Motivating the Lane
Does the coach always know best? An understanding of training theory, technique and nutrition is certainly helpful. However, how do you account for the different motivations of the swimmers in your lanes?
Everyone has different goals and motivations. Do they race for fun, to get fit, to be le Champignon du Monde (as Spencer Smith once said) or because they’re an endorphin junkie? Although it’s impossible to account for everyone’s motivations, making your sessions engaging and fun is half the battle. Most triathletes enjoy physical training over technique work. Therefore, sessions should focus on their likes, whilst integrating a wee bit of what they don’t like. Re-enforcing good technique is important all the time but explicitly focussing on it too often will affect motivation.
Although you may feel the way you coach or design sessions is best, unless athletes engage with and enjoy your sessions, then they will get bored and not come back. Even for elite athletes, when training becomes a chore is the time they either need a different focus, a new coach or it may signify the time to retire. In a club environment, people come back when they enjoy what they’re doing, even when sessions are very physically demanding.
Therefore, it’s important to understand what your athletes enjoy and design sets that are fun for them. Be creative. If you’re focussing on speed, introduce an element of competition such as having shuttle swims, team relays or mock race starts can work. Don’t be constrained by lane ropes. Most lifeguards will remove them if they ask you nicely. After all, most people focus on open-water races that don’t use the things.
Of course, it’s important to consider what athletes don’t like doing too….after all, that’s what they’re probably not so good at. But, just include a short blocks of 10-15 minutes each when doing challenging drills, technique work and so on. Integrating a drill or technical focus into a main set focusing on a physical component is equally acceptable.
Remember, exercise is addictive and you’ll always get these endorphin junkies that need their ‘fix’. Endorphins are hormones that ‘reward’ the brain and make us feel good. I for one wouldn’t be upset if I turned up at a session and was asked to do 20 x 100m hard because I love the burn and the endorphin buzz from such a session. However, too much of a good thing always results in a bad thing. Athletes may suffer from high levels of stress and anxiety when they can’t train or become over-trained or injured when they train too much. Keep an eye out for changes in behaviour, be aware of how athletes are engaging in the session and ask questions on what they liked or didn’t like. You’ll be a better coach as a result.
Over the last 15 years or so, there has been much interest physiological training theory, using different training zones to promote adaptations which are specific to the demands of the sport. However, the more I understand about the physiology of exercise intensity, the less I am concerned about being too rigid in applying zone training.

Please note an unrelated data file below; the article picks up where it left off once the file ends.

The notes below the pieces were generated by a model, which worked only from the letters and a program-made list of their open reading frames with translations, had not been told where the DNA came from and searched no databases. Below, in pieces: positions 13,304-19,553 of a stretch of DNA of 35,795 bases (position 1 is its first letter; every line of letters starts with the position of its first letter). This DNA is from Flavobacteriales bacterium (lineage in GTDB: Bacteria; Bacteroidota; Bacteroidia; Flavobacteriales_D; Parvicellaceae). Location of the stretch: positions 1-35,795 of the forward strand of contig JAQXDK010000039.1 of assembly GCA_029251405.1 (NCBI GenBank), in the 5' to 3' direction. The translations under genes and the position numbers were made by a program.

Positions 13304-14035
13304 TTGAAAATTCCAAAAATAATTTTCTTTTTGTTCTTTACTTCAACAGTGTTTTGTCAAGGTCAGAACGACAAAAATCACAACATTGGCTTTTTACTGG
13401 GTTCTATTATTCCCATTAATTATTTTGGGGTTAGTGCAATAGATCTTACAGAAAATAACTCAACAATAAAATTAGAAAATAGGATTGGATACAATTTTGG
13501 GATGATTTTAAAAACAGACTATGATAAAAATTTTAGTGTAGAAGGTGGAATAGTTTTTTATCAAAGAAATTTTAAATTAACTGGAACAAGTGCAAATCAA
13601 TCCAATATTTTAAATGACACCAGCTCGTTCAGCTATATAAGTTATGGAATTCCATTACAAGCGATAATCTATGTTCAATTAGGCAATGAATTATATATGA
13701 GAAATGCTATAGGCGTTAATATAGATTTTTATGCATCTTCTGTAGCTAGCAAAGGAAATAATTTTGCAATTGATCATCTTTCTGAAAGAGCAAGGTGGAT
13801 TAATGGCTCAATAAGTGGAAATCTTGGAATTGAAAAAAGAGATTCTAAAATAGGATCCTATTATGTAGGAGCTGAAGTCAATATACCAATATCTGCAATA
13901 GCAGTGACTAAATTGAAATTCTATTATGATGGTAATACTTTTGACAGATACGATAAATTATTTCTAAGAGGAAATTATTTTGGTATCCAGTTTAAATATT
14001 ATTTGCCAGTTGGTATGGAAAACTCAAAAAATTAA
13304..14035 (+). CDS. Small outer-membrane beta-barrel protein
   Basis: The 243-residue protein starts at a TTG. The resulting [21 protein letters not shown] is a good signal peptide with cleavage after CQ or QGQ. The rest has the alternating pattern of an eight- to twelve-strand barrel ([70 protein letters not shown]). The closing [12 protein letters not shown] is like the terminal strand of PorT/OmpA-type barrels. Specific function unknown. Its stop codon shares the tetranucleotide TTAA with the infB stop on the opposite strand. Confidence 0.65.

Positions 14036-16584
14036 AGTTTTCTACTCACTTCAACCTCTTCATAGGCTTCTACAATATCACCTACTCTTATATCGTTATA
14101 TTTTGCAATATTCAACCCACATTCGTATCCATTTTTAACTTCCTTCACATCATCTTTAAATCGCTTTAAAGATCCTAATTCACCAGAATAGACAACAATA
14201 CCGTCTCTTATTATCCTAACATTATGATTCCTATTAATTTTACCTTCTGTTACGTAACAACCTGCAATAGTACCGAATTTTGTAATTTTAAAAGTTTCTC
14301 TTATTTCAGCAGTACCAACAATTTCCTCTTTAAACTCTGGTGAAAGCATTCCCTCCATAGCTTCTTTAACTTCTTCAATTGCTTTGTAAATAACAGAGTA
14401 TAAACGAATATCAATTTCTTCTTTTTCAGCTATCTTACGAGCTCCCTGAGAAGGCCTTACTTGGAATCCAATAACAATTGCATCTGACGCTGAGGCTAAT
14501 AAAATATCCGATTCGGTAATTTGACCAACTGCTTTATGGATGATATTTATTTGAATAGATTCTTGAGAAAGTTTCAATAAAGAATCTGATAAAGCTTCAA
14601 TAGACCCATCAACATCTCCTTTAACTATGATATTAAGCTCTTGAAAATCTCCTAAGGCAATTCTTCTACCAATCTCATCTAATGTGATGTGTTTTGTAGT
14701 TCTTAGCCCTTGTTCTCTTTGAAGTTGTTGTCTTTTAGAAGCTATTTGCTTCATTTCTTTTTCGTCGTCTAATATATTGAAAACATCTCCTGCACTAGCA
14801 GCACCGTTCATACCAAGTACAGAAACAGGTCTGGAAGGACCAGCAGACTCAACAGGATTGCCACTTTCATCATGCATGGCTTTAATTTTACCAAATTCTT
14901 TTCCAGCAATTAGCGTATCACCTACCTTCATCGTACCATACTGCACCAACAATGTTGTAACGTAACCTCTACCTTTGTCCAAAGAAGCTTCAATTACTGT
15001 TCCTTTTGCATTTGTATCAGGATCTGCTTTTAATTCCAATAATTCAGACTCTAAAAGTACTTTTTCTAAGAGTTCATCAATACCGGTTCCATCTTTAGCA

Far better to keep it simple, concentrating on the performance of an athlete, rather than the underpinning physiology. I’m almost evangelical in avoiding terms such as lactate threshold, VO2max and so on because I don’t think they are overly helpful for the average coach or athlete.
I like Allen and Coggan’s term Functional Threshold or Critical Swim Speed (CSS) used by Swimsmooth.com as starting points to prescribe exercise intensity. Both these terms are physiologically similar, describing a threshold above which there is a pronounced increase in anaerobic energy turnover…. a fatigue threshold if you will. Eek… I’ve broken my own evangelical rule.
|The Theory of CSS
For the physiologists out there, CSS is very similar to Critical Power (CP), a theoretical model that describes the relationship (either hyperbolic or linear) between power and fatigue. The model predicts that below CP exercise can continue for a long time without fatigue because energy turnover is primarily aerobic; above CP fatigue occurs at a predictable rate, when anaerobic work capacity has been fully utilised.Without getting too physiological, CSS is comparable with other thresholds including maximal lactate steady state, ‘lactate threshold’ and the 2nd ventilatory threshold.On a slightly critical note, the concept of CSS is based on the 2-component model of Wakayoshi et al. (1992). Using 2 components to predict anything is mathematically problematic and I’d go as far as to say invalid from a scientific perspective. However, CSS tests are far more practical to perform than most other methods and they provide a ‘good enough’ measure of performance. I’ll accept CSS but only with my coaching hat on.
Swim Smooth suggests that by training slightly below CSS, and taking short recoveries, performance will improve more than swimming above it. This is logical because: